If laughter is ever appropriate at a funeral, it is because it is a fitting tribute to someone who brought the gift of laughter to all who knew him. The funeral service for radio personality Royal Marshall on Saturday, Jan. 22, at Ray of Hope Christian Church in Decatur was filled with stories of professional accomplishment, dedicated volunteer work and close personal relationships, punctuated with funny stories and recollections.
Rahul Bali, Marshall’s colleague at WSB Radio, told of when he ordered a cake to celebrate the first anniversary of Marshall’s program, The Royal Treatment. Bali recalled hastily picking up the cake from the bakery and presenting it to the show’s host just before air time. The image on the cake was a man at a microphone, but the man didn’t look much like Marshall.
“He thanked me politely for the cake, then on the air, he asked, ‘Why is there a White man on my cake?’ For the rest of the show he ribbed me about it saying things like, ‘After all the strides Black people have made in this country, I still can’t get a Black man on my cake.’”
DeKalb County CEO Burrell Ellis, who presented a proclamation on behalf of the residents of DeKalb County, also recalled a funny moment with Marshall. Ellis was Marshall’s on-air guest and enjoying answering “softball” questions when Marshall encouraged the listeners to get tougher with him. “Hey,” Ellis quoted him as saying, “I’ve got the CEO of DeKalb County here. I’ll hold him while you hit him.”
Talk show host Neal Boortz, who seemed so choked with emotion that he could barely speak, said Marshall, who was the producer of The Neal Boortz Show for 17 years, was the only person he had ever known “who was always in a good mood every day of his life,” and who had a limitless capacity for putting others in a good mood. “He could make anyone feel good about themselves and their life.”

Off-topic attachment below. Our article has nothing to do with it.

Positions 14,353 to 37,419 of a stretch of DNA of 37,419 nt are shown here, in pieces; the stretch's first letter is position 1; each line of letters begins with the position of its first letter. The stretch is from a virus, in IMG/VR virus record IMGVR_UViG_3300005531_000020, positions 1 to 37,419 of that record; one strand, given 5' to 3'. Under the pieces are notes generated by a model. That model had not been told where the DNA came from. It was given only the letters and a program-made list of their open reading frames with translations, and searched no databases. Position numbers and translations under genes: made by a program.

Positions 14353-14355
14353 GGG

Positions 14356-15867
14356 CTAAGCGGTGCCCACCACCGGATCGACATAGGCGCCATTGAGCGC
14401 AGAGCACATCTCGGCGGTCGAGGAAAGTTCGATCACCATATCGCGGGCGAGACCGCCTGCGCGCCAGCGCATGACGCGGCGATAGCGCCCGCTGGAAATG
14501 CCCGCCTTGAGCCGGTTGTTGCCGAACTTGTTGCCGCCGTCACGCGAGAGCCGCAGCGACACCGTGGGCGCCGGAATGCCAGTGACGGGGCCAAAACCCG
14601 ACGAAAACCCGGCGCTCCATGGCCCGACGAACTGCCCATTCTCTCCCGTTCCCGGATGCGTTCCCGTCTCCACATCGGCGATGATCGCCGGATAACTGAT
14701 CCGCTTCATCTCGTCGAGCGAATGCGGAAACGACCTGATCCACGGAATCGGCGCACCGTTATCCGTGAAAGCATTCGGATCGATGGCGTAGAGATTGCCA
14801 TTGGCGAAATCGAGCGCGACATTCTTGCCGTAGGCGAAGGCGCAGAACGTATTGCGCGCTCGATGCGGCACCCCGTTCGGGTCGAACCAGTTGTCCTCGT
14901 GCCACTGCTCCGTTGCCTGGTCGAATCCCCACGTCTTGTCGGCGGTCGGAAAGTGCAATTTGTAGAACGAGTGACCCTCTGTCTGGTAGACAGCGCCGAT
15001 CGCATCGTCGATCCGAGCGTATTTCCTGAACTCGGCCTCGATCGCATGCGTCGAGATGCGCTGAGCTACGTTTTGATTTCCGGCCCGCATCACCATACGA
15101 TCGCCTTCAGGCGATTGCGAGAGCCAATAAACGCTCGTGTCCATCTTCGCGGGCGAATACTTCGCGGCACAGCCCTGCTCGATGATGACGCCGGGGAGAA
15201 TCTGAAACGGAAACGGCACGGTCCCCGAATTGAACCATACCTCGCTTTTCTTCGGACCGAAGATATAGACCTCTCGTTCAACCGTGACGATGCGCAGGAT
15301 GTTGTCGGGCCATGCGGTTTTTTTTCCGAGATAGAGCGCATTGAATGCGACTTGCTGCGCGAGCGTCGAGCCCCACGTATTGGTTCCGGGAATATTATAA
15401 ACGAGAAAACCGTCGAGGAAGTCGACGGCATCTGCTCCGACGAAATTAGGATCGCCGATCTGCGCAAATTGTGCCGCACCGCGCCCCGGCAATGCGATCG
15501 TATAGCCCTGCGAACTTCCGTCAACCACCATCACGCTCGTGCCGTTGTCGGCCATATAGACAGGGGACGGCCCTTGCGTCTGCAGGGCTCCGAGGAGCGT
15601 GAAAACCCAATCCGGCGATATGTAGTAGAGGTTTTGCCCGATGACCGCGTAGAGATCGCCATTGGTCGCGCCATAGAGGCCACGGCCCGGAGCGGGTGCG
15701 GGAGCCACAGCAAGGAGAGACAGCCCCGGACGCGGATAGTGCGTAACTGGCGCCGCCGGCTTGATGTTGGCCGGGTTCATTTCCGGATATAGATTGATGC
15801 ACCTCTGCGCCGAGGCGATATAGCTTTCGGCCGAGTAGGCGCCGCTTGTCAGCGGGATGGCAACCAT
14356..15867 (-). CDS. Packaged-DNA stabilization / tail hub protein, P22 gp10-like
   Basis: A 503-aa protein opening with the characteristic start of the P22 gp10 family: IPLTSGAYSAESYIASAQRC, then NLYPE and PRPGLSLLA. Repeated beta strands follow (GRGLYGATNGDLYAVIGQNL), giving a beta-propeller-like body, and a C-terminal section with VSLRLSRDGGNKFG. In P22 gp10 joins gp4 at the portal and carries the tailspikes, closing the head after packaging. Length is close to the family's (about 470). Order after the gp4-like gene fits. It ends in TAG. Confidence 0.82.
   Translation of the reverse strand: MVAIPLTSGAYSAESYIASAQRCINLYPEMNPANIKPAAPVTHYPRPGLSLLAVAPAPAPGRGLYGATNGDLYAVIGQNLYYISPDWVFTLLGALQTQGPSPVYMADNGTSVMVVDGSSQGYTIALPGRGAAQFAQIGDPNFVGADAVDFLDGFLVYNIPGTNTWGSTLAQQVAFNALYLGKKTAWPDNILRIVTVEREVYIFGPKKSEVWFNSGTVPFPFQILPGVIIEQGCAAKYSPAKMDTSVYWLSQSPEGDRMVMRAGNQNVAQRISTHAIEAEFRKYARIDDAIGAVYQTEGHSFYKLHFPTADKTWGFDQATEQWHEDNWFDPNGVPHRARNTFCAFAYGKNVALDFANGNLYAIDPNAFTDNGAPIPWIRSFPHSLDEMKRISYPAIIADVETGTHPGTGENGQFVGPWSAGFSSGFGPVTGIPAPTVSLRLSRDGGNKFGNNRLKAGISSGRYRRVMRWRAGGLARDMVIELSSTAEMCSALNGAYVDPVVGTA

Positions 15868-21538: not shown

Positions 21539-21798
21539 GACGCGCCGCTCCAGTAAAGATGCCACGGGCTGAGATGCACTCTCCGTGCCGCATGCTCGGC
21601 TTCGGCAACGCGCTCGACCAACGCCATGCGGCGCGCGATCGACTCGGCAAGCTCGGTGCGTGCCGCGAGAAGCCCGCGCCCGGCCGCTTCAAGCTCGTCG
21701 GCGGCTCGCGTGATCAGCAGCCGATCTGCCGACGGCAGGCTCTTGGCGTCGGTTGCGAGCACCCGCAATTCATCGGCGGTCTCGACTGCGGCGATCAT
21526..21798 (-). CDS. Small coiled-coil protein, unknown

The sentiment was echoed by Ray of Hope Pastor Cynthia Hale, who gave the eulogy, and numerous others who spoke at the service. Like many others, Hale remembered Marshall for his devotion to his family, his church and his community. “If there is one word that describes Royal it’s faithful,” she said.
Sandra Barnhill of Forever Family, a non-profit organization that serves children with parents in prison, spoke of how he worked tirelessly for the charity, arriving at 5 a.m. even on cold winter mornings to take children to visit a parent in prison. “He didn’t do things to be in the spotlight; he did them because he genuinely cared about people,” she said.
Marshall, who was 38 when he married, was devoted to his two daughters—Amira, 4, and Ava, 2, according to many who spoke at the service. “He even painted their little toenails,” said Hale. “He loved playing with them, but Royal was himself a big kid at heart.”
Boortz commented, “Too much has been said about his work at WSB, because his family was the biggest thing in his life.” Still, Boortz said Marshall would not soon be forgotten at WSB. He said that during World War II when London was being bombed periodically, signs were placed in the subways that read, “Be calm and carry on.” He said a replica of one of those signs would be placed in the engineering booth where Marshall spent much of his professional life.
Marshall died suddenly of a heart attack at age 43 on the morning of Jan. 15.